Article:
A 1952 investigation by the U.S. Federal Trade Commission found that the "Seven Sisters" (Exxon, Mobil, Chevron, Gulf, Texaco, Shell, and BP) held nearly two-thirds of the free world's oil reserves and operated 55 percent of world oil production and refining capacity. In 2010, the Seven Sisters -- now merged into four companies (ExxonMobil, Chevron, Shell, and BP) -- held about 2.5 percent of world oil reserves, primarily under contract with governments, and accounted for only 10 percent of world oil production and 15 percent of global refining. State-owned national oil companies (NOCs) have displaced Big Oil as the major reserve holders and oil producers. The NOCs of Saudi Arabia, Iran, Kuwait, Abu Dhabi, Iraq, and Venezuela control 60 percent of world oil reserves, and most of this oil is off-limits to private investors.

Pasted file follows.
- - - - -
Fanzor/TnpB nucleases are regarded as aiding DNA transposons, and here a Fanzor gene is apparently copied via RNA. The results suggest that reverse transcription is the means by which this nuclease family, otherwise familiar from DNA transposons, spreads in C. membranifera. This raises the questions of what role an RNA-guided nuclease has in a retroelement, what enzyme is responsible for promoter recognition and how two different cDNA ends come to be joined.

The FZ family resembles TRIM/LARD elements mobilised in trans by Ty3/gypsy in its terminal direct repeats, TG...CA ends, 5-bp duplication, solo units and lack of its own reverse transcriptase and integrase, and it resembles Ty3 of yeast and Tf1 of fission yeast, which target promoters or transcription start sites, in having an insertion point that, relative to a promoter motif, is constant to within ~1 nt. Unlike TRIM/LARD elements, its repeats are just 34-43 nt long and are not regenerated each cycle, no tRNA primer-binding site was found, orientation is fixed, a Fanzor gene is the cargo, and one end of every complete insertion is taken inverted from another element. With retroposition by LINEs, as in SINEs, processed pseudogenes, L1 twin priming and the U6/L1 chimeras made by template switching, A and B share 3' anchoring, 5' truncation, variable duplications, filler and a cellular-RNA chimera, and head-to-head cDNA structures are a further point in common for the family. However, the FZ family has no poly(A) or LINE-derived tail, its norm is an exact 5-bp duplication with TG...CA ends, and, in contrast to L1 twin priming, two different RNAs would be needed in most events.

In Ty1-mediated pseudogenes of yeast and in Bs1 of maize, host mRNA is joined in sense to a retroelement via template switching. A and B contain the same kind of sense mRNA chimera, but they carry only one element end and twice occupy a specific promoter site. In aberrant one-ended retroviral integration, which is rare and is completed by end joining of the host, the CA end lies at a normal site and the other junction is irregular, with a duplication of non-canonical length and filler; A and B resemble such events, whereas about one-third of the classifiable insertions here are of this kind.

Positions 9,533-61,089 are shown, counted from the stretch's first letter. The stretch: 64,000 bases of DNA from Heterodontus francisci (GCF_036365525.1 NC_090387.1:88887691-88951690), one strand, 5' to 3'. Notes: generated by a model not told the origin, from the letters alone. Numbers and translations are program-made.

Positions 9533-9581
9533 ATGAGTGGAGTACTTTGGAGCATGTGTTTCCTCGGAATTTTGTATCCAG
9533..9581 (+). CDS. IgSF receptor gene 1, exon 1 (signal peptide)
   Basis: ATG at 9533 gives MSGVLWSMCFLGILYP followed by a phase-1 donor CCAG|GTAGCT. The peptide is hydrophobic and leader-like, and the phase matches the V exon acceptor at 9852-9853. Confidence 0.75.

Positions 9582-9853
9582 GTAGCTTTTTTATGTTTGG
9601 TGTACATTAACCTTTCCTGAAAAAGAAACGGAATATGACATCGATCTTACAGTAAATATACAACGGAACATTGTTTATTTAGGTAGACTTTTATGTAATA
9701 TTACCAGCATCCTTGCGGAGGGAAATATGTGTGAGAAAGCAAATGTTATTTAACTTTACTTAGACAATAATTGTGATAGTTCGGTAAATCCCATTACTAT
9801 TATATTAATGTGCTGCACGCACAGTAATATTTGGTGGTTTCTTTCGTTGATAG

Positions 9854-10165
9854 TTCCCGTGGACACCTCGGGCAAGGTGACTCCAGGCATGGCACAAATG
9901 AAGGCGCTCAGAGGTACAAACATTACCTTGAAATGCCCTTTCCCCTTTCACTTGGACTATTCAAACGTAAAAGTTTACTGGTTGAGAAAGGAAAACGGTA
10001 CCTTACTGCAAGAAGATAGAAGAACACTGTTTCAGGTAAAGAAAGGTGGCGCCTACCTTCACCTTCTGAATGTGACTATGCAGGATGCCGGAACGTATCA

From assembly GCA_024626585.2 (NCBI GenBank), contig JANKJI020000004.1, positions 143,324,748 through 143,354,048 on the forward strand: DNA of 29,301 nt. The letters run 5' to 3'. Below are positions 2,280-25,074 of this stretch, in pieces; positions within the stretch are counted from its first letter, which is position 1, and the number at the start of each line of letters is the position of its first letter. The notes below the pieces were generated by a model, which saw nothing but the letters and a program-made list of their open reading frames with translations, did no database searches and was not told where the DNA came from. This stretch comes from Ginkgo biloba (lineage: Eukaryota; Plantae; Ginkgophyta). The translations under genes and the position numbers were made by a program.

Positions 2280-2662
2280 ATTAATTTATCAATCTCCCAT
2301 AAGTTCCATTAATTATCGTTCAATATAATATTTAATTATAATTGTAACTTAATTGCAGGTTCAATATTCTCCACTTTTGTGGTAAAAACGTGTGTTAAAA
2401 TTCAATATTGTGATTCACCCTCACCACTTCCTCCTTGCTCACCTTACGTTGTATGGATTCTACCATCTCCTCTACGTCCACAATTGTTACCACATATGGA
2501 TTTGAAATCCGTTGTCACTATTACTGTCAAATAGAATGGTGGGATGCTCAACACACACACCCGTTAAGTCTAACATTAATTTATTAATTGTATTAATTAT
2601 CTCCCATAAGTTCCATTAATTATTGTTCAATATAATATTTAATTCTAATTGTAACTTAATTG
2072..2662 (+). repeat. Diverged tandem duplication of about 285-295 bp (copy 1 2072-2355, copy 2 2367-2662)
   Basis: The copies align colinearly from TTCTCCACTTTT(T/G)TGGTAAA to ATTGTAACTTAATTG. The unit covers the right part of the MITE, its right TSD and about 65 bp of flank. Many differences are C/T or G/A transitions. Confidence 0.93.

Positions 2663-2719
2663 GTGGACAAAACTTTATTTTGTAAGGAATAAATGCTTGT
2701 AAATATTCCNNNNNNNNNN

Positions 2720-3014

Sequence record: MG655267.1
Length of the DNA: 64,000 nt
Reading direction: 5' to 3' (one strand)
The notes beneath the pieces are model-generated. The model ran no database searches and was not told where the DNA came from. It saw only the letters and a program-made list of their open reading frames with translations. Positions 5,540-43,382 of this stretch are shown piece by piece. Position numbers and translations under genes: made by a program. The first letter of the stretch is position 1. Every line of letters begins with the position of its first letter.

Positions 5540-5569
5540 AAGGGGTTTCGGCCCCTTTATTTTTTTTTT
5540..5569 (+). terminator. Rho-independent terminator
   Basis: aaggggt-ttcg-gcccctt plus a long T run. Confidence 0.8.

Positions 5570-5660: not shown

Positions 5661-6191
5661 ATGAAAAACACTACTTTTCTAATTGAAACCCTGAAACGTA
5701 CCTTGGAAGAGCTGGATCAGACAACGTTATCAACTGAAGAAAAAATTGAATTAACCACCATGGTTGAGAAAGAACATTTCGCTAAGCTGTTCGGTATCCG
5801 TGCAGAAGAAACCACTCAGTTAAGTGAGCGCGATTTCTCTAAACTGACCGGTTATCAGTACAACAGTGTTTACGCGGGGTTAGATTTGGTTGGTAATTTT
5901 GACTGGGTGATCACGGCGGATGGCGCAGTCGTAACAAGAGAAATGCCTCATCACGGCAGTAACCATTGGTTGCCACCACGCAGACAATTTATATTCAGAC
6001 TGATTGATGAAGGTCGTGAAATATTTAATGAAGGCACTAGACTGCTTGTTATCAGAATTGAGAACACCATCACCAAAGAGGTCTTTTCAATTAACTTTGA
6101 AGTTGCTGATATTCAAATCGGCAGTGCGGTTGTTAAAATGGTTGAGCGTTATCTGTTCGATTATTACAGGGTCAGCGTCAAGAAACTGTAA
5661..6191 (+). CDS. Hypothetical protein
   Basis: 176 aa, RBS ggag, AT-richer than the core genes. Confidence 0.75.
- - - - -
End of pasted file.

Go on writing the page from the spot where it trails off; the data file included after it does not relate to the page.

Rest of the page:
If Big Oil's omnipresence is overstated, so is its impact on the cost of oil; consumers' ire over high gas prices would be better aimed at governments than oil companies. The majors are certainly profitable businesses -- the 2010 earnings of today's Four Sisters (excluding BP's oil spill costs) totaled just over $100 billion. But that amounts to just 2 percent of the $4 trillion in petroleum products sold worldwide in 2010 -- the rest went to operating costs and government taxes. And that money didn't just go to OPEC and other producing countries -- oil-consuming countries alone extracted about $700 billion in excise and sales taxes from consumers, nearly seven times the take of all the oil majors combined.
May 13, 2011
Big Oil's Taxes and Reserves
If this chart (from the Financial Times) fairly represents the record, it is pretty darn impressive. The major oil companies are much diminished from their former days of dominance; their profits, though huge in absolute terms, are tiny in relation to the total amount produced and consumed. Notes Bruce Everett, writing in Foreign Policy: